TRAGEDY: A TRAGEDY at Berkeley Rep

Thursday night, I went with my friend Rick McKern to see Berkeley Rep’s production (and the American premiere) of Will Eno’s TRAGEDY: a tragedy.

Now, here is the thing. As a non-reviewer, non-critic, blogger-type guy, I believe it’s my duty to let you in on stuff that affects my mindset going into a show. Like, was I pissed off because I was stuck in traffic and couldn’t park? Had I already read the play and so I knew how it was going to end? Was I sitting in front of an old lady who kept unwrapping candies all through the show?

(And what’s up with the freaking candy? Seriously, can’t you people make it an hour without a butterscotch? And if not, can’t you unwrap ten of them and put them in a baggie in your purse?!) (Errr, yes…when I was at the Aurora last month, I was sitting in front of an old lady who kept unwrapping candies all through the show.)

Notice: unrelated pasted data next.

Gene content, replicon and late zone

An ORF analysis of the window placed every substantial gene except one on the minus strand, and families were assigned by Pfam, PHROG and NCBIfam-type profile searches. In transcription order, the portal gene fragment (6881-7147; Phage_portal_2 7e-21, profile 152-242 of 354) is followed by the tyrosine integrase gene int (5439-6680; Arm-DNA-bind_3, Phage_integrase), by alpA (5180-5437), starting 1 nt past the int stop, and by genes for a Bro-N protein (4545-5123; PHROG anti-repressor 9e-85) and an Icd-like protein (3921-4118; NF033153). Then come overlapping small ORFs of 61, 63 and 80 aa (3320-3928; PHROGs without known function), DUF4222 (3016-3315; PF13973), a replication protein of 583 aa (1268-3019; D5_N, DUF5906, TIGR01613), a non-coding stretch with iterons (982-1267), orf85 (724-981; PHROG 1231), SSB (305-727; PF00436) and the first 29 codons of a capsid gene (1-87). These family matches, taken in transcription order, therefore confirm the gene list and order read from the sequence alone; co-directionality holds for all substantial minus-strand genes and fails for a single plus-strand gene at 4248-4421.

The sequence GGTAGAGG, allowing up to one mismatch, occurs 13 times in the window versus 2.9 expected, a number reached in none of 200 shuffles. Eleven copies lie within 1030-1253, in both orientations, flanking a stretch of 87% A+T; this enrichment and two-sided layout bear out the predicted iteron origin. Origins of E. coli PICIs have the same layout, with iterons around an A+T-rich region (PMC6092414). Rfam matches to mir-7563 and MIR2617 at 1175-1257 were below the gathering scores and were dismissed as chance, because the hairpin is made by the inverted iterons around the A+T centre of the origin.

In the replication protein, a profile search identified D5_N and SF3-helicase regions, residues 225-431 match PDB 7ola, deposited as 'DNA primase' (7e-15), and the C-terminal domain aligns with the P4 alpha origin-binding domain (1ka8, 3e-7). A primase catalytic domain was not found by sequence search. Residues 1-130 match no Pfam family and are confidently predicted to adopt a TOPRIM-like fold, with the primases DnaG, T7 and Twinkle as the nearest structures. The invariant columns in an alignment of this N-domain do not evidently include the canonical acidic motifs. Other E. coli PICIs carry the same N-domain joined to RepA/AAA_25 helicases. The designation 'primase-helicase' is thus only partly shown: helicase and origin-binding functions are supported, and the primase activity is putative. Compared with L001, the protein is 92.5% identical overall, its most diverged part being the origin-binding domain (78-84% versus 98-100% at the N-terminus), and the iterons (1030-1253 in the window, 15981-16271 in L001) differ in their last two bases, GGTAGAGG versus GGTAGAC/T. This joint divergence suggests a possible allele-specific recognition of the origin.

So with this show: my expectations had been lowered way, way down by someone who shall remain nameless (because I don’t want to embarrass Aaron). I was told about patrons falling asleep or walking out; about how the play starts strong and devolves into nothing; about how boring and overrated Eno’s Thom Pain (based on nothing) was.

Is it any surprise, then, that I ended up liking the show? I thought the comedic parts were often hilarious, the language often dazzling, the acting unbelievably good. I thought there were parts that were brilliant satire, parts that were nonsensical, and parts that were profound.

Yes, I think the play’s about 20 minutes too long. Ideally, it’d be a Fringe Festival piece that lasts about 50 minutes. (And being in the fringe instead of a subscription-based regional theater might mean fewer sleepy or confused people.)

So maybe it’s an expectations game thing. But maybe not: Rick liked it quite a bit, too, and he didn’t even know what we were seeing. Maybe it’s just a good, intriguing, challenging, slightly too long piece from a good writer.

I hope I didn’t just raise your expectations.

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